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Czechs are generally associated with an easy-going attitude and common sense, which contrasts with the heated emotions and inability to sit still of other neighboring nations. In short, the mainstream of world events tries to avoid our Czech friends, and they themselves are not eager to meet it, preferring to enjoy a peaceful life, which includes the best beer and knedle in the world.
But that’s not entirely the case. It turns out that the Czechs have proven time and again that they can cause ripples in the world of science – and they have done so multiple times over the last hundred years, greatly contributing to natural and technical-scientific fields.
Here are some impressive examples:
Hailed as the “Material of the Third Millennium,” nanofibres are quite a significant invention, given their multitude of applications and remarkable properties.
The technological process for the industrial production of polymer nanofibres was developed in 2003 at the Technical University in Liberec by the team led by Professor Oldřich Jirsák. The fibers are a thousand times thinner than hair and are used in medicine, the automotive industry, aviation, and clothing. They are ideal for the production of another Czech invention – artificial blood vessels.
Artificial blood vessels
Again, we return to the Technical University in Liberec, which has applied the experience gained from working on nanofibres to develop artificial blood vessels. These collagen-based, nano-thin, flexible tubes have changed vascular surgery forever. The artificial blood vessels themselves were developed by scientists and doctors led by surgeon Milan Krajíček.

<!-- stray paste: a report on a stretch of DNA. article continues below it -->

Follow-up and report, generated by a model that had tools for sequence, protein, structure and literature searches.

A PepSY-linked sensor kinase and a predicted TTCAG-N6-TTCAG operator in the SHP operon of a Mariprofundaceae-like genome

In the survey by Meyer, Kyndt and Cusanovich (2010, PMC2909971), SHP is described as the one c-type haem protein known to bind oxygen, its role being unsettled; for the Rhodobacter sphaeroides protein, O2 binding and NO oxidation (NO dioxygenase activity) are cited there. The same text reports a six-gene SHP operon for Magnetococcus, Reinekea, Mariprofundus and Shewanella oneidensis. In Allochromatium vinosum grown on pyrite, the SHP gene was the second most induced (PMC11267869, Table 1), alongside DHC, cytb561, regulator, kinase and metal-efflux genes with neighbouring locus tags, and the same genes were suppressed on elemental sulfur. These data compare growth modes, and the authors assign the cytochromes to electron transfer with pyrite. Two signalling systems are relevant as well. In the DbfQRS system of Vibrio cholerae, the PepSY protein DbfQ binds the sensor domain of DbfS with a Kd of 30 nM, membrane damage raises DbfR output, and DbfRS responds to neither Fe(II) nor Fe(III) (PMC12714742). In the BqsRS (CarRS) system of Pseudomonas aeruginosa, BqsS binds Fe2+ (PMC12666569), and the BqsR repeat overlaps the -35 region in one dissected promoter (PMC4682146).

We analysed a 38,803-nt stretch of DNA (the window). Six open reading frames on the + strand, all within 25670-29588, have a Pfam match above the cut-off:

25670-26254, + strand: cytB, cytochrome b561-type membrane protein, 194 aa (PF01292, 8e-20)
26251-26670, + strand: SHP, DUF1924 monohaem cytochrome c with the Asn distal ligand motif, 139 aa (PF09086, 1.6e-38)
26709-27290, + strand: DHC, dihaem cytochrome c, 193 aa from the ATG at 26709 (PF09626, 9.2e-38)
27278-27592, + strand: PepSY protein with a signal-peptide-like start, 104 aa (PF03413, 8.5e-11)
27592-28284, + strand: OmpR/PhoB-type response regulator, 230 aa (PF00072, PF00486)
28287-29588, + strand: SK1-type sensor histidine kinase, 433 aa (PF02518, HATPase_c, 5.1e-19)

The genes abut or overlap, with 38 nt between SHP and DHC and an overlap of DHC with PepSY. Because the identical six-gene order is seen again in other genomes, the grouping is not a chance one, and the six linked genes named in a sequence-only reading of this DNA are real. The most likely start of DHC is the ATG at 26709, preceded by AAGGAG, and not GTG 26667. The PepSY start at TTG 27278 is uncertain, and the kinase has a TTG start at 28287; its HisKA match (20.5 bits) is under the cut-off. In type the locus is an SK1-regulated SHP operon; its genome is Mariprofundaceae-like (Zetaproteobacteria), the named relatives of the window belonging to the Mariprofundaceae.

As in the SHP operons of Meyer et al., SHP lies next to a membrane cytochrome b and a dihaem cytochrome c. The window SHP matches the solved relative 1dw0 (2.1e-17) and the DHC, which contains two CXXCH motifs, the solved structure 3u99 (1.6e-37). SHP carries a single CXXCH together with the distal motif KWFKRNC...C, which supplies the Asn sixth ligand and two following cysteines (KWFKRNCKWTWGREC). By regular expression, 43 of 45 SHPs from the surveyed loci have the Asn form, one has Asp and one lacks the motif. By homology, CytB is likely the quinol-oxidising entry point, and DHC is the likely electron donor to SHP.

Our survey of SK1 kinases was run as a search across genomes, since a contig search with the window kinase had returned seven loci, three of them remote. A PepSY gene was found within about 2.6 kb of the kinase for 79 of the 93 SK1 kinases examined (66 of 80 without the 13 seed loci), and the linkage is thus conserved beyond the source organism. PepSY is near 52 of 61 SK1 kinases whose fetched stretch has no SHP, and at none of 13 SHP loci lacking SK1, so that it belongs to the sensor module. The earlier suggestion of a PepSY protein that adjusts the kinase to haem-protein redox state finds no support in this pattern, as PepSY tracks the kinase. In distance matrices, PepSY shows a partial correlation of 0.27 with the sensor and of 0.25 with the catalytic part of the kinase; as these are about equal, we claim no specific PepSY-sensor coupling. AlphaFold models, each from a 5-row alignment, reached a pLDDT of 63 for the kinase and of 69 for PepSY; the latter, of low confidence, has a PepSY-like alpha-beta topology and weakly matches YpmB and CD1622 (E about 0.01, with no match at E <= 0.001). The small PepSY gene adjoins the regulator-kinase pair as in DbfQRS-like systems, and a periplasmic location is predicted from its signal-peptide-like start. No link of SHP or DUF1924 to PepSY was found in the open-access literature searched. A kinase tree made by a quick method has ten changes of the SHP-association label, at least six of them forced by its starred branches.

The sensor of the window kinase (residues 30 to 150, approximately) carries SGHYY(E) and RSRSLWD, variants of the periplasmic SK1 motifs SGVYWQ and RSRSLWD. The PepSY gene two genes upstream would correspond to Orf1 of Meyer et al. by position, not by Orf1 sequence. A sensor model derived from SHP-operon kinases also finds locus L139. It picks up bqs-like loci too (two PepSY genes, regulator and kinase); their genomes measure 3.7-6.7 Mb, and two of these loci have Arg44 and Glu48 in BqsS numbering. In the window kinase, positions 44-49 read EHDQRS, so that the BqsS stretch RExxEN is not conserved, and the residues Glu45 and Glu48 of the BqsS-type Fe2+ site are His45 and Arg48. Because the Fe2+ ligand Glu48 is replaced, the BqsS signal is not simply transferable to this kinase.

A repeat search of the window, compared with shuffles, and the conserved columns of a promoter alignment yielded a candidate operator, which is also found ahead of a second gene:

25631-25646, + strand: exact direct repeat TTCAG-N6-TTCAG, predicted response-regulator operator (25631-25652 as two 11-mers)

Contact lenses and silicone (Czech polyamide fiber)
Czechs have a knack for various interesting and unusual materials. One of them is polyamide gel developed at home by Professor Otto Wichterle. The gel is now used to make contact lenses, which up to that point were made of glass or other inflexible materials. Too bad the communist Czech government sold the patent for the polyamide gel to the USA for half price, or Czechia would be at least one billion dollars richer today.
Professor Jaroslav Heyrovský was the first Czech to be awarded the Nobel Prize in Chemistry in 1959 for the discovery of polarography. Polarography makes it possible to find out how much of a given substance is present in a solution. For example, it makes it possible to tell how much oxygen there is in the atmosphere or how many toxic metals there are in water. Today, computer polarographs are in every laboratory and are also used in biology, pharmacy, and biochemistry.
With Czechia rising in the ranks of countries with the most potential for innovation, you can bet that the world will soon be seeing more revolutionary discoveries out of this Central European country to come.